Coronavirus pandemic may cost Jersey City $70 million

City projects $50 million in lost revenue and $20 million in emergency spending

The financial repercussions of the pandemic are severe.
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The financial repercussions of the pandemic are severe.

Due to the Coronavirus pandemic, which had infected at least 85 Jersey City residents as of March 24, the city will face an estimated $70 million loss of funding.

According to Mayor Steven Fulop, the city expects to lose $50 million in revenue taking into account significant impacts to the payroll tax, economy layoffs, businesses closing, and the lack of Municipal Court fines, construction code fees, and parking enforcement, among other critical financial factors.

The city has spent more than $20 million on unanticipated emergency purchases, increased health benefits, and overtime for city employees to safeguard the community during the COVID-19 crisis.

On March, 19 Fulop said the city is spending between $750,000 to $1 million a week because of the ongoing COVID-19 pandemic.

“There’s no playbook for us to follow on this, and we are looking to save money wherever possible to minimize the impact for residents,” Fulop said. “It’s going to take time for us to recover, for our restaurants and small businesses to bounce back from this unimaginable crisis. That’s why we need help at the state and federal level.”

As the city awaits financial support and guidance from the state and federal government, the city is also faced with the pressure of fixed statutory obligations such as pension payments, health benefits, and negotiated union salaries.

Assessing needs

In February, the City Council voted to introduce the administration’s proposed $613.9 million municipal budget for the 2020-2021 year.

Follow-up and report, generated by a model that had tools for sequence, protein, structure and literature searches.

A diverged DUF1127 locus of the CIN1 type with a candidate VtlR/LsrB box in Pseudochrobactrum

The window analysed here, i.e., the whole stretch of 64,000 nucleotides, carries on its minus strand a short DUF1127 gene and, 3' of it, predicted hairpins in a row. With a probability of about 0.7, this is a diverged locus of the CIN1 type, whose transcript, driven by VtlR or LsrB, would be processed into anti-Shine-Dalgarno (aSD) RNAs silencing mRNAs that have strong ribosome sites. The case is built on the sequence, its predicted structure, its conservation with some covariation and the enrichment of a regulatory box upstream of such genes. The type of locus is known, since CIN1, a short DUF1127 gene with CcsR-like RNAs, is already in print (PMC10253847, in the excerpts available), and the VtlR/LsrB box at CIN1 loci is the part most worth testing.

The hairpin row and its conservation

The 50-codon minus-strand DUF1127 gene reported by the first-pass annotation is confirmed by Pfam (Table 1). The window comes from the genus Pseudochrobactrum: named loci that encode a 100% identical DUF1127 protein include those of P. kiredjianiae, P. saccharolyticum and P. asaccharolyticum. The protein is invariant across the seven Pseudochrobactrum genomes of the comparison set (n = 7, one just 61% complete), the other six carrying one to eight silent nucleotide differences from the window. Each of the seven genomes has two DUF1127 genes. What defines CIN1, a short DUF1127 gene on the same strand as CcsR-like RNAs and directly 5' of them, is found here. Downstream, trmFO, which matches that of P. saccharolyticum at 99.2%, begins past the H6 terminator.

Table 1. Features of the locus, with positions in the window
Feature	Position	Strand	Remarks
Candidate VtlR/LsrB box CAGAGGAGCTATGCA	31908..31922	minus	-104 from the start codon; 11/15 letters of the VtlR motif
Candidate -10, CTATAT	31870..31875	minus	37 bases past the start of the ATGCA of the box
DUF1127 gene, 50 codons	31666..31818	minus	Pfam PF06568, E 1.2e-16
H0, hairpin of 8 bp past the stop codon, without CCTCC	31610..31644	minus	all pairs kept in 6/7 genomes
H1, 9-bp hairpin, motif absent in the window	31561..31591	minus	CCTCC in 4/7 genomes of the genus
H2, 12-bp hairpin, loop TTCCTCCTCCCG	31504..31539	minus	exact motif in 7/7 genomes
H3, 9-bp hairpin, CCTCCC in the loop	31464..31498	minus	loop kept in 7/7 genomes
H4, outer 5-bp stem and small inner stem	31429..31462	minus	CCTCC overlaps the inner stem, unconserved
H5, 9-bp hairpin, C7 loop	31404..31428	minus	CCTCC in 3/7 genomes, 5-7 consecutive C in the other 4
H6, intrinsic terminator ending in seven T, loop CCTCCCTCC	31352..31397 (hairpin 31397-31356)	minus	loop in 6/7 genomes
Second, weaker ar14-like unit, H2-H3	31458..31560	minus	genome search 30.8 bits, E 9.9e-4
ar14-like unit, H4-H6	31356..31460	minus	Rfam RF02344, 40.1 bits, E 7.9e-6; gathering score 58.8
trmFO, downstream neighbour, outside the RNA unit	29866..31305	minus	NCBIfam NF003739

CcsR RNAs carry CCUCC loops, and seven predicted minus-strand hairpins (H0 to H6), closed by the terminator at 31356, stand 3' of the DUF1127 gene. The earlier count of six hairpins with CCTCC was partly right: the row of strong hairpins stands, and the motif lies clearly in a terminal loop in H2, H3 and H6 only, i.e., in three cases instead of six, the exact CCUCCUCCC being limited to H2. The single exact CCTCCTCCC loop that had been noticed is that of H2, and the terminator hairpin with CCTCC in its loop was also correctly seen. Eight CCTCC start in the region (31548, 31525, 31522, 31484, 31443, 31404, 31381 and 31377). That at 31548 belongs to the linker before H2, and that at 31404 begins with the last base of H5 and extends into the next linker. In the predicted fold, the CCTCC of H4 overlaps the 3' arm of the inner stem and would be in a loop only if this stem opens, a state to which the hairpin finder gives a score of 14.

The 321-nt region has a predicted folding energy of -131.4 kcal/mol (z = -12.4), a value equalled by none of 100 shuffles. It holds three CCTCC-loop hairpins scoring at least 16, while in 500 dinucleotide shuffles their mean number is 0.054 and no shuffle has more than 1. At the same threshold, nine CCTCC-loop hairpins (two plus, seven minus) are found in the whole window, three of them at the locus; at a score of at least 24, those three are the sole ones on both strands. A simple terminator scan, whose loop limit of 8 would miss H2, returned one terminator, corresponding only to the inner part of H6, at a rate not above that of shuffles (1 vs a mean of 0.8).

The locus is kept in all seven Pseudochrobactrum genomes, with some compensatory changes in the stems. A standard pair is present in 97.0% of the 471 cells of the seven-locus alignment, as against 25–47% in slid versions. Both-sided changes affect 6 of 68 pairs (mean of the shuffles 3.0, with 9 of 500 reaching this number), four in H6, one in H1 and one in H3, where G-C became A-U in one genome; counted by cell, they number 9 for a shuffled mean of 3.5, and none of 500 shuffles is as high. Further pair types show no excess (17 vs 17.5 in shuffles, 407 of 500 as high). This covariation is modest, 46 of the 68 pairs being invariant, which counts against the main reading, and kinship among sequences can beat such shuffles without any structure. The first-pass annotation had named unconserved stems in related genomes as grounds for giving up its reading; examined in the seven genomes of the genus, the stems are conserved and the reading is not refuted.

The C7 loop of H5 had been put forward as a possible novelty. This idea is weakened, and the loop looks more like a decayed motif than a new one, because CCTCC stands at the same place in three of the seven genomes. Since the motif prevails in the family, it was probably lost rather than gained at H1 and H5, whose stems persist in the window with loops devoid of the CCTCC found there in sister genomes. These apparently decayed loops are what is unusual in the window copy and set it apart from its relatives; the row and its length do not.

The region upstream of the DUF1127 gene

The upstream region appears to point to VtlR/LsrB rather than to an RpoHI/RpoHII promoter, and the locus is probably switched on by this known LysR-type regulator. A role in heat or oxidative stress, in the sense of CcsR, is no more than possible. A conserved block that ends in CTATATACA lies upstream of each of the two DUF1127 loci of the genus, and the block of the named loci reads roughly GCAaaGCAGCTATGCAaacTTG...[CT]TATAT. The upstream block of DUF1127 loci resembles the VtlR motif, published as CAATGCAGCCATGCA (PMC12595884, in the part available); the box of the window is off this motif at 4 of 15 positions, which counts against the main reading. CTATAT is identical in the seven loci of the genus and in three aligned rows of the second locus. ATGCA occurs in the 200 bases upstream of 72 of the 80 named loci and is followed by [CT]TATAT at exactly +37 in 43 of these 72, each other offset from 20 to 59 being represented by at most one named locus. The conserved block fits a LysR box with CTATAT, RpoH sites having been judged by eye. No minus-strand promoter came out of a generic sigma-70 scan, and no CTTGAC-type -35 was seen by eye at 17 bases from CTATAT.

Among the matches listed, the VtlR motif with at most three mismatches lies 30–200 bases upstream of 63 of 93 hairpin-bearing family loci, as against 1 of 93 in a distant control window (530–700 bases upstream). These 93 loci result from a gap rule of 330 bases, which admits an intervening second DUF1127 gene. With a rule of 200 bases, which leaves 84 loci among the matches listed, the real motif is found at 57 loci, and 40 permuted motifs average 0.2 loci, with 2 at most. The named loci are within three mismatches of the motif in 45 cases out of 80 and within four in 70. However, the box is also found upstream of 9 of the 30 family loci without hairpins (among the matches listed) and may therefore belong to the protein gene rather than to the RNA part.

The budget aimed to keep the tax levy stable while expanding services such as increased investments in public safety, new affordable housing resources, and expanded health services.

“Per the mayor’s direction, since day one of this crisis we’ve been carefully monitoring and reassessing potential implications of recent economic conditions,” said director of the city’s  Department of Finance John Metro. “We are working to re-evaluate our city’s needs in a thoughtful and practical way to continue to harness a stable tax rate, while maintaining the critical services our residents rely on.”

The Coronavirus comes three months after Jersey City dealt with a mass shooting in which four people were killed on Dec 10. According to the city, the mass shooting also had a big impact on the city’s overtime budget.

“We’ve had two major crises in the last few months here in Jersey City. The first, on December 10th with a mass shooting. And now, this international pandemic. I have no doubt that as long as we all work together, we’ll come out stronger on the other side of this,” Fulop said.

The Dec. 10 shooting cost the city roughly $1 million in police overtime over a seven-day period following the attack, according to a statement from Public Safety Director James Shae during a council budget hearing for the Public Safety Department.

“The City Council is focusing not only on our response to this current crisis and what our residents are going through, but we also need to plan for what lies ahead and that reality comes with some really tough decisions,” said Council President Joyce Watterman.  “I’m really proud of how Jersey City has been a leader for others to turn to during times of hardship, and I know we’ll tackle the next difficult phase that we all inevitably face.  It’s the unfortunate truth, but it’s better to be prepared than be blindsided.

For updates on this and other stories check www.hudsonreporter.com and follow us on Twitter @hudson_reporter. Marilyn Baer can be reached at Marilynb@hudsonreporter.com.